From cocktails to shots and spritzes, liqueurs cover a lot of ground
LIQUEURS have long been one of the most versatile types of drink in Scotland’s bars and pubs, ranging from those sipped neat or over ice to popular cocktail ingredients or shots.
In more recent years the category has evolved further, with gin liqueurs emerging from the booming gin sector to become a force in their own right.
In fact, Edinburgh Gin parent company Ian Macleod Distillers reported that gin liqueurs now account for £9.1 million in sales through the Scottish on-trade, saying value increased by more than 200% in the year to April.
“Over 50% of Scottish on-trade outlets stock a gin liqueur range and Scotland has the fastest rate of sale for gin liqueurs within the whole UK,” said Johna Penman, the company’s UK trade and consumer marketing director.
A spokeswoman for distributor Mangrove, which counts liqueur brands Amaro Montenegro, Espirit de Figues and Limoncello Di Capri among its portfolio, said the category has been reinvigorated by the popularity of cocktails.
“For too long liqueurs were the forgotten drinks, gathering dust at the back of a cabinet,” she said.
“But that’s all changed as liqueurs make great bases for so many cocktails and as we all know cocktails are so ‘in’.
“Consumers are now keen to experiment with innovative liqueurs and flavours.”
And a spokeswoman for liqueur brand Disaronno advised stocking “a range of liqueurs, from classics to newer introductions, in order to give customers a choice to suit their mood and allow them to try new products within cocktails which cannot easily be replicated at home”.
As with any cocktail range, seasonality will play a role in how people are drinking liqueurs in licensed premises, with Penman at Ian Macleod Distillers stating that two in five pub customers will change their cocktail choice based on the time of year.
“Therefore having a range of liqueurs which meet all consumer needs and occasions is critical,” she said.
Emilie Giffard, sales and brand development manager for north Europe at liqueurs brand Giffard, said liqueurs are well suited to changing cocktails throughout the year as they have “the power to adapt a classic serve” and provide “the opportunity to offer seasonal serves with very low wastage”.
In the summer months, spritz serves have been proving particularly popular, according to Mangrove.
The company’s spokeswoman said: “Spritzes are the new big drink for summer 2022.
“Quick and easy to make, without lots of shaking and combining ingredients, it’s what consumers are demanding.
“Spritzes are generally made from a liqueur base with tonic or Prosecco added.”
And Jonathan Dennys, head of trade marketing at Mast-Jägermeister UK, said coffee flavours have also been proving increasingly popular with customers, with one in four cocktails served in the on-trade now coffee-flavoured.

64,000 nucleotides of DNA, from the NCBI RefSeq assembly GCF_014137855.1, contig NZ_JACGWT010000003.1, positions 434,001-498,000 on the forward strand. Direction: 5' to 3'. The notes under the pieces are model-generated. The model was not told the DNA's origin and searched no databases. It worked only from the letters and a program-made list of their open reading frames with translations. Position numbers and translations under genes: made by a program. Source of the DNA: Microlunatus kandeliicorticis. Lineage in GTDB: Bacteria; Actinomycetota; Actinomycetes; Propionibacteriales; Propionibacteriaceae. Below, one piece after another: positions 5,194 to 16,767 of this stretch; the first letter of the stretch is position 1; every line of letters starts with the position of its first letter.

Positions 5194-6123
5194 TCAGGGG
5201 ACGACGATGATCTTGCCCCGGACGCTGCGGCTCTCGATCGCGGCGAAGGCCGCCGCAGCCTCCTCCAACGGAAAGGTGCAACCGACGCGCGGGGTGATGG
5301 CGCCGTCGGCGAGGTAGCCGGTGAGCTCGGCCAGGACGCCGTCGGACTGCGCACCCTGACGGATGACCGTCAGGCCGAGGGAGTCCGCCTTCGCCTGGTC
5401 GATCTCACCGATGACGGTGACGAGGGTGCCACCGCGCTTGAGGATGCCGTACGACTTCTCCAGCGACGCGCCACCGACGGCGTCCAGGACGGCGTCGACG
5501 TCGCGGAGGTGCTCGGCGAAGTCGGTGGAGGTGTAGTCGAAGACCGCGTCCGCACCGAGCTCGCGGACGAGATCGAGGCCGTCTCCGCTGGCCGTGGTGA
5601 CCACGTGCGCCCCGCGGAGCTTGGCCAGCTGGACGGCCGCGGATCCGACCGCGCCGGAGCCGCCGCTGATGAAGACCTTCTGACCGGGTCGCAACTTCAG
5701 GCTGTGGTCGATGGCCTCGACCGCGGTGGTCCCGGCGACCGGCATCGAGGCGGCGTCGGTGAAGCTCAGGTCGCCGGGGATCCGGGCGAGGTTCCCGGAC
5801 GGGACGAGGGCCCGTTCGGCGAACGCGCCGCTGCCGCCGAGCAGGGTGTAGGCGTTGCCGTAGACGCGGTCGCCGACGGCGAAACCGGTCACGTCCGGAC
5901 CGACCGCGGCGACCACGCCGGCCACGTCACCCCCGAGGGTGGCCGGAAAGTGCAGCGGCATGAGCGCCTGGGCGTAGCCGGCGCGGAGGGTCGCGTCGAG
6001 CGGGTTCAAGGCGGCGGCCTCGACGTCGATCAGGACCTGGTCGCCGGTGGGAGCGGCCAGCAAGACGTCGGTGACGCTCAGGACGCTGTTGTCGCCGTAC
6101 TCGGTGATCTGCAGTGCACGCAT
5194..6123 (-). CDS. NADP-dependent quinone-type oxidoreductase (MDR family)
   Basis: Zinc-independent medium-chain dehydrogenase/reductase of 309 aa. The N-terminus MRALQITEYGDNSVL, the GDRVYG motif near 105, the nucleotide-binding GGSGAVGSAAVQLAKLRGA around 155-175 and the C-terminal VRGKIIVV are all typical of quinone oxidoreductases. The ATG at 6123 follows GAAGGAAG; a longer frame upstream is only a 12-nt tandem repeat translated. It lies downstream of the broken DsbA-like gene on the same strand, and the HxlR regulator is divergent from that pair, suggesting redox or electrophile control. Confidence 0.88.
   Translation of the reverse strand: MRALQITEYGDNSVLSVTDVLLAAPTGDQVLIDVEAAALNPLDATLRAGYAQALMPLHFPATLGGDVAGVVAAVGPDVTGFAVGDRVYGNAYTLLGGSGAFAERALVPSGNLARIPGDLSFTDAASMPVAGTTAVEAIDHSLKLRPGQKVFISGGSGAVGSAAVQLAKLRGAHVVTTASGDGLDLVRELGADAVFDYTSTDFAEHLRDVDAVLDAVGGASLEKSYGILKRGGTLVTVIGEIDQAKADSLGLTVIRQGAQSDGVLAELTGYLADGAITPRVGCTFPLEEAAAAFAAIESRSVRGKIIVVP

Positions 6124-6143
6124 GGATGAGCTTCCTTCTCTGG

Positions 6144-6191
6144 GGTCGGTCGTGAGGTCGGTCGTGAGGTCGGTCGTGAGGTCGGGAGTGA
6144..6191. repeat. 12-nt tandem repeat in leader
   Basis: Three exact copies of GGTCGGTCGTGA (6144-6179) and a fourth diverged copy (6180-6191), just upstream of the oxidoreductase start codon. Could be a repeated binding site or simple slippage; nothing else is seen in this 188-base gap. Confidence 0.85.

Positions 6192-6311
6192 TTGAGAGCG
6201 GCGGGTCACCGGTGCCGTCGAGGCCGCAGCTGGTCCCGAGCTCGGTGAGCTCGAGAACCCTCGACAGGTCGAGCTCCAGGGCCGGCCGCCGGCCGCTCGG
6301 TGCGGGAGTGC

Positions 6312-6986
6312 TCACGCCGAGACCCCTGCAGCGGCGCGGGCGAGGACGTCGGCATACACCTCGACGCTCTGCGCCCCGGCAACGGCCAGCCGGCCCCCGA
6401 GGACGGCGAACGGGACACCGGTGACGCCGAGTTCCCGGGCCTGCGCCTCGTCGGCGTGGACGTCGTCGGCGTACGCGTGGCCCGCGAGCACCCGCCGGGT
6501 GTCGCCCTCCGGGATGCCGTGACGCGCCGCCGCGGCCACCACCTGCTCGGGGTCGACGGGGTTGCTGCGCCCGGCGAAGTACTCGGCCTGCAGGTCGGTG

He said coffee is a flavour “that continues to grow in popularity, with the eruption of cold brew coffee a few years ago”.
“Operators can capitalise on this trend and incorporate the flavour into their liqueurs offering, through either a shot serve or in the cocktail menu,” said Dennys.
More broadly, Dennys reckoned the trend towards premium products is likely to continue to impact on the liqueurs category, with customers opting for more upmarket options during visits to pubs and bars.
“Premiumisation is a trend that is continuing to grow as consumers recover from the impact of the pandemic and look to make the most of their nights out,” he said.
“Consumers continue to look for brands that offer a sense of discovery and are becoming more adventurous in their drink choices, stepping outside of their comfort zone to enrich their experience.”
That said, the rising cost of living could well have an impact on some customers’ drinks choices.
But here, too, liqueurs could be well-positioned as a more wallet-friendly option that still maintains quality.
Penman at Ian Macleod Distillers said around 15% of consumers are already seeing their frequency of hospitality visits impacted by price increases.
“Many liqueurs have lower ABVs and can be cost effective solutions to creating drinks and serves that can help consumers manage their spend when enjoying a night out,” said Penman.
“Liqueurs give the option of a premium feel, but at a lower and more desirable cost to the consumer.”
And a robust selection of liqueurs can even help licensees to market their premises, said Penman.
“With digital menus now an important factor in venue choice for nearly half (46%) of cocktail drinkers, there are opportunities to influence consumers’ purchases ahead of visits via websites and social media,” she said.
“The versatility of liqueurs means that they can play in multiple segments within outlet menus and demonstrate to consumers a depth of choice, flavour and variety of serve available.”